One November afternoon some years back, our daughter Priyamvada, convinced us to stop over at a pet store in Santa Monica just to look at the pets, not get any. We didn’t know then we would leave the store with Tara in a cardboard box with us.
We browsed through the store, looking at the puppies and the kittens and at their vast collection of exotic fish. Then, Ram, my husband, stopped in front of a big cage.
“What do we have here?” He looked inside curiously.
“These are Russian dwarf hamsters. They make great pets.” We were informed.
“Yes, but what’s the matter with them?” Ram asked and all of us huddled to look.
The cage looked quite empty, save for one tiny hamster, a fur-ball no bigger than an inch. The igloo at the center was stuffed with more furry creatures and in its only entrance – a circular hole a couple inches in diameter – were crammed five or six hamster butts.
Hamsters being nocturnal animals, these little critters were sleeping, it turned out.
“Looks a little inconvenient in there,” Ram muttered.
We turned our attention towards the hamster that had not joined his buddies ‘in bed’. He had been running the wheel. Seeing us, he had stopped and now, he was looking back at us. It seemed weird that he could see that far. He seemed smart and curious and not shy at all. I don’t know what came over us. We made a unanimous decision to bring him home.
In one quick look the store-owner ascertained our hamster was actually a ‘she’. In the car, we christened her Tara and at home Alice’s three-storied cage awaited her. Alice, a gerbil, much bigger than Tara, was our son, Bheemsen’s pet many years back.
Tara’s investigations began as soon as she was placed in the freshly-prepared cage. She understood each nook, every corner in no time. She sniffed every article present, sifted through the little box of grains, bit every piece of wood that was left to be bitten, sipped at the water-bottle and finally settled on the wheel. Just the hamster cereal bar she left untouched.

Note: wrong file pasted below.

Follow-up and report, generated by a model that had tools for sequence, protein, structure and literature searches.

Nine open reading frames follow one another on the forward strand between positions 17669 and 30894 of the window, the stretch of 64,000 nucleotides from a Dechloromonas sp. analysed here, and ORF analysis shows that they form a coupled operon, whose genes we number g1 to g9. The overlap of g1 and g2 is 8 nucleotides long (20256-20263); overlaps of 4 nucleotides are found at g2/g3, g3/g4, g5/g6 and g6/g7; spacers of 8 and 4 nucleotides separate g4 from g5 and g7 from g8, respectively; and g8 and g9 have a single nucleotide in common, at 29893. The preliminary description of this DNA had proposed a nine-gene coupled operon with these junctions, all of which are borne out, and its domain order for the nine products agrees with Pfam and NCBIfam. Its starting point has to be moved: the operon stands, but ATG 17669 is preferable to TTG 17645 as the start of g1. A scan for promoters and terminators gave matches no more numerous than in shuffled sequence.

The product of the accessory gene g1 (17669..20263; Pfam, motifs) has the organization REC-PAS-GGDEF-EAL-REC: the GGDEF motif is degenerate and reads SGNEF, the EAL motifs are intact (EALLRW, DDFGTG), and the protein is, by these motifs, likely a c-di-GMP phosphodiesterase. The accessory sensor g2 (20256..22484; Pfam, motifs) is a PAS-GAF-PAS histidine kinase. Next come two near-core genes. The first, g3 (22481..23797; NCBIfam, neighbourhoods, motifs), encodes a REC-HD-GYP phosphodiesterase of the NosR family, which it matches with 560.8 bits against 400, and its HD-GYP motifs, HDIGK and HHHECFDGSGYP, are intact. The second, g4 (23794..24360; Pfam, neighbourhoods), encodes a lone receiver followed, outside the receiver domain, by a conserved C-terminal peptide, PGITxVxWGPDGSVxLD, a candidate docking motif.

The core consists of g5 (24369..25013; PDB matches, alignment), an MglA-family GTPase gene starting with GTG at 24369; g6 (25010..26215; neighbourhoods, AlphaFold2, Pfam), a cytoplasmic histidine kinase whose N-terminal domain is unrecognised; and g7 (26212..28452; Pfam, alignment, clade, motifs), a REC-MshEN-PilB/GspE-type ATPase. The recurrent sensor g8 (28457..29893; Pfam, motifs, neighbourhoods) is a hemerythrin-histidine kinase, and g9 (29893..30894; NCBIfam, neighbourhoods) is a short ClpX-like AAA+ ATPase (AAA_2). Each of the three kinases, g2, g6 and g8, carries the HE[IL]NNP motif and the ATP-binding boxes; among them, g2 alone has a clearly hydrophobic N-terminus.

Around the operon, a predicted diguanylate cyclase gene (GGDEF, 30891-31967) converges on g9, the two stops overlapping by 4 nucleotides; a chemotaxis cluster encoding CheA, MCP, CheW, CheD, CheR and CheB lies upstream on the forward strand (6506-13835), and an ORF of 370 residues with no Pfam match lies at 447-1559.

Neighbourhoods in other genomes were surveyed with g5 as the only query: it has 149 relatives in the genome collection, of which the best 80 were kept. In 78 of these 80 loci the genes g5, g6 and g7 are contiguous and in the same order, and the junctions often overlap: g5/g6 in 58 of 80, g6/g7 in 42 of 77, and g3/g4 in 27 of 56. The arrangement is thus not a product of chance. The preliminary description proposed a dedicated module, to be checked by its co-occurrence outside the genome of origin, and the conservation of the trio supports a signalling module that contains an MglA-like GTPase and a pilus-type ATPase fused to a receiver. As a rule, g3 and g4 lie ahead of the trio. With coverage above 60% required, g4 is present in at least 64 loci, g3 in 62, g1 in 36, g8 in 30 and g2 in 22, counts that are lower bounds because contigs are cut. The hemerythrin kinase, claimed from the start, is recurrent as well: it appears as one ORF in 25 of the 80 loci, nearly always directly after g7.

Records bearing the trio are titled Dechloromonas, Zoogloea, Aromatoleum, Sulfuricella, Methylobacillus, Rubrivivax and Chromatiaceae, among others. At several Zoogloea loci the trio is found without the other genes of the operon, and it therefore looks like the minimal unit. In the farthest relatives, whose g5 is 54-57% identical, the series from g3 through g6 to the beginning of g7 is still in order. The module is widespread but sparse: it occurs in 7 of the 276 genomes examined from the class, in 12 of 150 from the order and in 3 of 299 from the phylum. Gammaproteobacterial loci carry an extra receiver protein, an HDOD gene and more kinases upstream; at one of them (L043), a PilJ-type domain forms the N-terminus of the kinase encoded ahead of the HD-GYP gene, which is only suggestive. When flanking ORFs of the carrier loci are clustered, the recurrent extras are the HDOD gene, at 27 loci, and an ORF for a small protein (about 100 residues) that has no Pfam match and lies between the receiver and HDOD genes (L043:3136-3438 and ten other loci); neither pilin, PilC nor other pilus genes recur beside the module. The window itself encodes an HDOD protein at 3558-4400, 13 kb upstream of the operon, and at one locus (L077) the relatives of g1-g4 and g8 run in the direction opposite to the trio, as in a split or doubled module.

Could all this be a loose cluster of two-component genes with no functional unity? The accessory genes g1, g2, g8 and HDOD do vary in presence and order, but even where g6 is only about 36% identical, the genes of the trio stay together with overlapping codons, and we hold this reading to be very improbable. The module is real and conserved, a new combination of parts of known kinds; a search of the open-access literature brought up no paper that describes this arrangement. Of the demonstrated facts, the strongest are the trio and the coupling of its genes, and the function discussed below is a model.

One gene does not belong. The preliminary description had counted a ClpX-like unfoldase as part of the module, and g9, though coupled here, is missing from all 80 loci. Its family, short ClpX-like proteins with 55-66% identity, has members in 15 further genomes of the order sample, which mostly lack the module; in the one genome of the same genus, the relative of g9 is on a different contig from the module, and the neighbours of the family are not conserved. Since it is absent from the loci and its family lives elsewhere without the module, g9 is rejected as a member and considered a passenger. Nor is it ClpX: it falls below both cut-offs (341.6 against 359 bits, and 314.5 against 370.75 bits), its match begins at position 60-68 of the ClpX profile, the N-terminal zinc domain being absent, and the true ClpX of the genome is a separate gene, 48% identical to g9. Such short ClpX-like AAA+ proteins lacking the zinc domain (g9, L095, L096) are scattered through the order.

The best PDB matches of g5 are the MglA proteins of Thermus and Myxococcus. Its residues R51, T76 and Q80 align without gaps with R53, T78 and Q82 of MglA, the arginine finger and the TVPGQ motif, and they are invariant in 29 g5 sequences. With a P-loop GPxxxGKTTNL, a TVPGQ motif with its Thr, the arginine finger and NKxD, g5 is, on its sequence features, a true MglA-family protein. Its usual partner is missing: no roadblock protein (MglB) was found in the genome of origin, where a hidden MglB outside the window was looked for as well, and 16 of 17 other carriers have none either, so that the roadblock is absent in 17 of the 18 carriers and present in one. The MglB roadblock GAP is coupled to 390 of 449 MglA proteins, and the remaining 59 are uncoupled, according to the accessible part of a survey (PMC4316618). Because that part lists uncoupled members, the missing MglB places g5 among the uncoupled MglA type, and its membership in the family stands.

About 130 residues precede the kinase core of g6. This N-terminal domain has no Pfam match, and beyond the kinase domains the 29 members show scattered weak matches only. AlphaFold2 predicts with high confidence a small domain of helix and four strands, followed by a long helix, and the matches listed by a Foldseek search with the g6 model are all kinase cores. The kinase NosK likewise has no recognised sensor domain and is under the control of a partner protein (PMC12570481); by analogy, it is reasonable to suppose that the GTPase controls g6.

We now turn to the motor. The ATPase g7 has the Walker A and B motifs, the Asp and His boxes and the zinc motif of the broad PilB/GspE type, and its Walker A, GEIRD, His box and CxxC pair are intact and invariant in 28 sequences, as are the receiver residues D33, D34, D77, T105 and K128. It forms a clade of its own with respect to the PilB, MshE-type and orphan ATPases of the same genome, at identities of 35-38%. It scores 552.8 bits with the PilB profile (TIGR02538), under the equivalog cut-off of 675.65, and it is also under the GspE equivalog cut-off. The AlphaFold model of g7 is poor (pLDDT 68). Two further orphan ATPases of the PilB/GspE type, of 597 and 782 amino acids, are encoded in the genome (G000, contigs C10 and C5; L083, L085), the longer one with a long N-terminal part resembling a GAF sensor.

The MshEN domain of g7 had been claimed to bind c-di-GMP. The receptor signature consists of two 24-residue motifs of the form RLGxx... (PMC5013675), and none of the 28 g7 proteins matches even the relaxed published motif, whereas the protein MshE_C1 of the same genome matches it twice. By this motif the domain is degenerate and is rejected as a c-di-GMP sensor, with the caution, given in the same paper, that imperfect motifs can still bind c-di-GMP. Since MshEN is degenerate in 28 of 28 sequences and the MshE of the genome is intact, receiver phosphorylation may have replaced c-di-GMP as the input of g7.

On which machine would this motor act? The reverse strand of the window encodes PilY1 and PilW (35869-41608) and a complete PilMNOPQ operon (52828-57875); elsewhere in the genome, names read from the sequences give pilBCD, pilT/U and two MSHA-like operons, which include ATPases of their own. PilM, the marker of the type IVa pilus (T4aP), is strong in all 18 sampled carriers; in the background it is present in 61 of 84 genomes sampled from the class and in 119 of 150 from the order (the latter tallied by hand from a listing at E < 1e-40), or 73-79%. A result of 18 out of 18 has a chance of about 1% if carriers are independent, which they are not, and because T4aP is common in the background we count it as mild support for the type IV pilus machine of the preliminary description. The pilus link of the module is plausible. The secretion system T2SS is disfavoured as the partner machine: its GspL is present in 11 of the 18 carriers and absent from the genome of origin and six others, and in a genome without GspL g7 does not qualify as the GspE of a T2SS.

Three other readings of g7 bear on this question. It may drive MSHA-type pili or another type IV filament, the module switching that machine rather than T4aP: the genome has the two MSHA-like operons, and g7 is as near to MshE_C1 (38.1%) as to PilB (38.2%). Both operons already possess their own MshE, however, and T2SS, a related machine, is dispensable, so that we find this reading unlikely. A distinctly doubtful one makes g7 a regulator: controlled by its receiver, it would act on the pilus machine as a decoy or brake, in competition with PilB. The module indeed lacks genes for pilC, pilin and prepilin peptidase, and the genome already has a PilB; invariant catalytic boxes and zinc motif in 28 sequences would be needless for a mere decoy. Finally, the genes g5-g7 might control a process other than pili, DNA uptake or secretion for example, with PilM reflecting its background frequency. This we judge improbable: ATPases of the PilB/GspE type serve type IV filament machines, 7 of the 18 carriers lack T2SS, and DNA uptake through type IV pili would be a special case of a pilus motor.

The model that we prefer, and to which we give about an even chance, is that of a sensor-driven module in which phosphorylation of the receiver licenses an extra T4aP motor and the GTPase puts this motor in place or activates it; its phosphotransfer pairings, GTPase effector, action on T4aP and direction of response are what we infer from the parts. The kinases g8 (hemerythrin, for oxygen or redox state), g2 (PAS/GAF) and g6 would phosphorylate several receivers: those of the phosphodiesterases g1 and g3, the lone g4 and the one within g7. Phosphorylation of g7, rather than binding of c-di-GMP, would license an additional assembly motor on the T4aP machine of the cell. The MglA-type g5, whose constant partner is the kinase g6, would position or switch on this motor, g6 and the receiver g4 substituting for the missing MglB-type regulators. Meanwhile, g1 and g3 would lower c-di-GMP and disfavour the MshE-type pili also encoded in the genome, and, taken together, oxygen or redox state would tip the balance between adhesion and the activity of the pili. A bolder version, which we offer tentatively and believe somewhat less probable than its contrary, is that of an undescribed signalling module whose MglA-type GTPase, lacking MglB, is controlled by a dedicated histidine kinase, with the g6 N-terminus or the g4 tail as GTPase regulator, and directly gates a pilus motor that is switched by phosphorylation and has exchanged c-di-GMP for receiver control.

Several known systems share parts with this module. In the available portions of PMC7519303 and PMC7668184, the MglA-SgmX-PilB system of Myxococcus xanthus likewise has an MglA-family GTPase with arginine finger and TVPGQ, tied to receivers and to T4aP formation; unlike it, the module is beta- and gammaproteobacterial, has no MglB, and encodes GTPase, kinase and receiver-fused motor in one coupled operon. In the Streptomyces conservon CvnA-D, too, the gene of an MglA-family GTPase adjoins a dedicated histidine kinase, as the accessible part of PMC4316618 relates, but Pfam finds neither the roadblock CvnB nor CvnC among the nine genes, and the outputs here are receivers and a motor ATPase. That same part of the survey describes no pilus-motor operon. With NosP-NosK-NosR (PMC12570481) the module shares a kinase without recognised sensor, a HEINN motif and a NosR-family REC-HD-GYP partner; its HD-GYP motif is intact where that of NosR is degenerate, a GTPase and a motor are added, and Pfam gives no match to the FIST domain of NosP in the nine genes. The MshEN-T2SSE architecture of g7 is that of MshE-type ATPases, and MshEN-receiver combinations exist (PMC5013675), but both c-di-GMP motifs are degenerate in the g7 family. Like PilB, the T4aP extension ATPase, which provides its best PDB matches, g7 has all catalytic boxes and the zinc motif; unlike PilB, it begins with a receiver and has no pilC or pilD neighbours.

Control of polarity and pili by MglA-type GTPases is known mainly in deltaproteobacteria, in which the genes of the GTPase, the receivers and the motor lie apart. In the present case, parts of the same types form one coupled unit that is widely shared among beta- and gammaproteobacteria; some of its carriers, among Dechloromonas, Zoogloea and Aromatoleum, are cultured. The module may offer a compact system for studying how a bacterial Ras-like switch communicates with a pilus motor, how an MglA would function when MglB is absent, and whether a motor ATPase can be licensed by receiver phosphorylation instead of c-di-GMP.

We spent the evening around the cage, watching her. And at night as we waited for sleep to come, a smile was pasted on each face thinking about this wonderful addition in our family.
Ram is the first to wake up in the morning. He put the coffee on and went to the toilet. As, sleepily, he sat on the seat he got his first “good-morning” of the day. Tara was nibbling at the little toe of his left foot.
“What are you doing here?! Out of your cage, early in the morning”
Peering behind the toilet bowl he found Tara’s stash. The granola-bar she had feigned disinterest in was broken in little pieces piled in a neat mound. Tara had spent the entire night relocating to her new address.
Saying, “You can’t live here, you silly rodent!” Ram put her back in the cage.
While we ate breakfast, Tara sulked and stayed inside the igloo. She came out only when the children left for school, rebellious. Although the grills of the cage were closely spaced, the bars on the corners were wider. She squeezed out from one corner and scampered towards the toilet at the opposite end of the house as Ram followed her. I must get a new cage for this parcel of trouble, I was thinking as carefully I tightened the sides with wires.
Inside the cage again, at first Tara made a search for a gap wide enough to squeeze through. Her tantrums began when she found all routes of escape blocked.
She was frantic and started to climb up the grating of the cage. She banged her head in frustration. She climbed to the third floor to come at eye-level with us and banged her head some more. She pushed the wooden biting chunk that was nearby in anger. She clutched the grid of the cage and shook it hard. A creature so small, causing such ruckus! We could not believe our eyes. I was worried all that emotion would make her sick, so I covered the cage with one of Bheemsen’s shirts lying nearby.
A few years later, when I was 46 and my children had left for college I started to feel the restlessness that Tara had displayed that day. I left Ram. Dumping my practice in psychiatry, I set out for Bhopal to find Zulfi, the lost love of my youth.
Peering behind the toilet bowl he found Tara’s stash. The granola-bar she had feigned disinterest in was broken in little pieces piled in a neat mound.